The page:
If you have an infant in the house, sure, you’re probably excited to celebrate your first Thanksgiving with the little tyke, but at the same time, you’re probably thinking: How in the hell am I going to pull this off when I can barely get a shower in these days?
Our #1 solution: Get someone else to host.
Our #2 solution: Pick up your Thanksgiving meal from a local restaurant. (Angelenos, we suggest Auntie Em’s! Call them stat.)
But one thing likely missing from the above options is baby-friendly dishes. In that case, you’re stuck, so you’ll have to at least cook some of the feast. No worries! If you’re scrambling to pull off the ultimate first Thanksgiving for you and your baby, we have done some of the work for you, selecting plenty of deliciously divine dish suggestions you can try!
Now enough with the chatter, we’ve got chowing down to do! So let’s take care of the smallest mouth first with three easy tasteful delights exclusively developed by Chef Jeff Parker for Rockabye Baby for your wee babes to celebrate Thanksgiving!
Tomorrow, my daughter turns two. This is when I should be running for cover, and believe me, these past few weeks I have felt like I need to.
Little D has always been a force to be reckoned with and it seems with each passing day she becomes even more willful. (Translation: Her way, or the highway.) But I’m realizing that her fighting spirit is just the kind of toughness she’ll need as she deals with what’s happening in her near future: preschool.
When do you think a kid is ready for school?
Is two too early to send her to school? I’ve been struggling with this decision, wondering if she’s ready. So I’ve been taking her for an hour or so each week to ease her into it. I wanted to see how she does in that setting, going from a home daycare of maybe 10 kids tops (the majority of whom are younger than her) to a preschool with 30 kids where she’ll be the youngest.
And, after three visits my almost two-year-old Little D is doing great. How did I make that assessment?
She stood her ground with her peers. When a much bigger, older kid, who I’m sure will be her frenemy — Audrey, I have my eye on you — tried to take a toy away from her just to be mean, Little D took it back and said, “No.” Audrey gave up. No adult had to intervene.
She didn’t argue with the grownups . . . like she does at home. When one of the teachers told her not to lean back in her chair, because she could hurt herself, Little D listened. (Though, I should note, I didn’t particularly like how that request was delivered. It’s difficult to see someone else discipline my child!)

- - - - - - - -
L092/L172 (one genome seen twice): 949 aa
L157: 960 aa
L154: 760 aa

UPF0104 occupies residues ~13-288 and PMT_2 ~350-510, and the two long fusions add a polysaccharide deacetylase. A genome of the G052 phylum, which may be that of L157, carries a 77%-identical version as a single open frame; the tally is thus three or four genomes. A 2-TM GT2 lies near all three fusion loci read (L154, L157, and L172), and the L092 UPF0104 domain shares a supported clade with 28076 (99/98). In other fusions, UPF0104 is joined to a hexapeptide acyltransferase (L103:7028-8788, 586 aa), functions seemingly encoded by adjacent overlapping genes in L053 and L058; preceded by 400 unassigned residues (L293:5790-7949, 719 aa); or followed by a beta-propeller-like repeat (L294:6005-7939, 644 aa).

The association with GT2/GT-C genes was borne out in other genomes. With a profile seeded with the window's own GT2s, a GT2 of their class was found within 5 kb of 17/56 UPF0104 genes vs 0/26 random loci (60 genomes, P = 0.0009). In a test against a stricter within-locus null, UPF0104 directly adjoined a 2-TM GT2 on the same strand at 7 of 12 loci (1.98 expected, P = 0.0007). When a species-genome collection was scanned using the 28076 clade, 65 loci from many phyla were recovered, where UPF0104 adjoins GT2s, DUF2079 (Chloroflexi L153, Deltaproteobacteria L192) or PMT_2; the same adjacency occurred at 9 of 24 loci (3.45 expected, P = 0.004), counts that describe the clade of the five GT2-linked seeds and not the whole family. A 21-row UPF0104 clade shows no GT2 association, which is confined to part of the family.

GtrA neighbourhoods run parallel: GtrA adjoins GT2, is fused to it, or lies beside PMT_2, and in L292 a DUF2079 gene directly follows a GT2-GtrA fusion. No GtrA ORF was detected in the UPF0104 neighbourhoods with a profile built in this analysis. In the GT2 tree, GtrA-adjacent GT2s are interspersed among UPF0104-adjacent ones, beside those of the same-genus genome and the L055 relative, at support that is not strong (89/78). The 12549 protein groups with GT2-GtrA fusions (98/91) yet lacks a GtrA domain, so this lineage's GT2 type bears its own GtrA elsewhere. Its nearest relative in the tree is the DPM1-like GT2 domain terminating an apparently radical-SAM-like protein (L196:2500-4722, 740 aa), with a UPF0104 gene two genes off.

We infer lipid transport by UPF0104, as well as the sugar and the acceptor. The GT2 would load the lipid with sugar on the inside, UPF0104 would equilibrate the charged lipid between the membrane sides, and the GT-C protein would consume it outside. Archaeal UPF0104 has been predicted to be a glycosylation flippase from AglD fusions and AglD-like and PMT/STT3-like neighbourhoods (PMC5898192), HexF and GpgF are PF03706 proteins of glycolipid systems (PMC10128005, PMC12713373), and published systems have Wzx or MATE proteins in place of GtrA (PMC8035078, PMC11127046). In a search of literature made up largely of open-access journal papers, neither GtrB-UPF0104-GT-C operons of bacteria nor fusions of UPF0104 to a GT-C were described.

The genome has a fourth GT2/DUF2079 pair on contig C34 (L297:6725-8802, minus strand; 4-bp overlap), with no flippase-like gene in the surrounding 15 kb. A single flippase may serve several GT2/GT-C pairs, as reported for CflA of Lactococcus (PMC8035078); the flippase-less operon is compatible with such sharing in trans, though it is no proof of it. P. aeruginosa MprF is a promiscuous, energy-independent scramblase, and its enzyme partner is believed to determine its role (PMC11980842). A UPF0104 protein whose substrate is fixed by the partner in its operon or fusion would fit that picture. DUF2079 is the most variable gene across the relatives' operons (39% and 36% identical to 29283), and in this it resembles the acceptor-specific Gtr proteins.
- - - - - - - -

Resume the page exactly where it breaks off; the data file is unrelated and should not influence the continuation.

She followed her peers when she was supposed to. When snack time arrived and all the kids were to grab a chair and sit around a table, she did the same. While she didn’t sit very long with them — like a minute — at least she got a gist of what she should be doing.
She wanted to use the bathroom . . . though she didn’t really use it. I believe she was particularly thrilled to see things sized for people of her stature.
She didn’t cry when she arrived or when we left. I always consider that a good sign! I’m hoping that will be the case every time.
So with that, I’m no longer fearing the terrible twos people speak of and declaring this year the year of the tough, terrific twos! Bring it on. Preschool . . . you’re about to be Little D’d! Besides, she decided she’s skipping age two altogether. When we ask her how old she’s going to be, she says, “Four.”
Happy Birthday, Little D!
P.S. No, I’m not buying or making you a house like this, but you can visit it at preschool.
How do you choose the right instrument for your child?
I’ve been trying to figure that out since our daughter got her pincers working, and the instrument is always changing. She has shown me a lot about what is right for her when it comes to rocking out. For instance, size matters. She loves our vintage accordion, but it probably weighs half her body weight right now. Choose an instrument that your child can play without you — and can avoid injury using. So we’ve opted for a makeshift drum set of cooking pot lids and drum sticks that she can set up on her own.
I’ve also learned that I shouldn’t necessarily give into just any instrument. Remember, parents, your ears matter. That means, if you can’t stand the sound of a trumpet every day, don’t assume that if your kid plays it it’s going to change your mind. Spare your ears sounds you know you don’t like. Likewise, if your child cringes at the thought of playing the piano, you can check that one off the eligible instruments . . . for now.
Check out all 10 Tips for Choosing the Right Instrument for Your Child below, or for an “expert” opinion, read this PBS article on the subject.
Have more tips on how to choose the right instrument for a child?
Share below! And for some great music to play along and sing and sleep to, check out some of our releases below.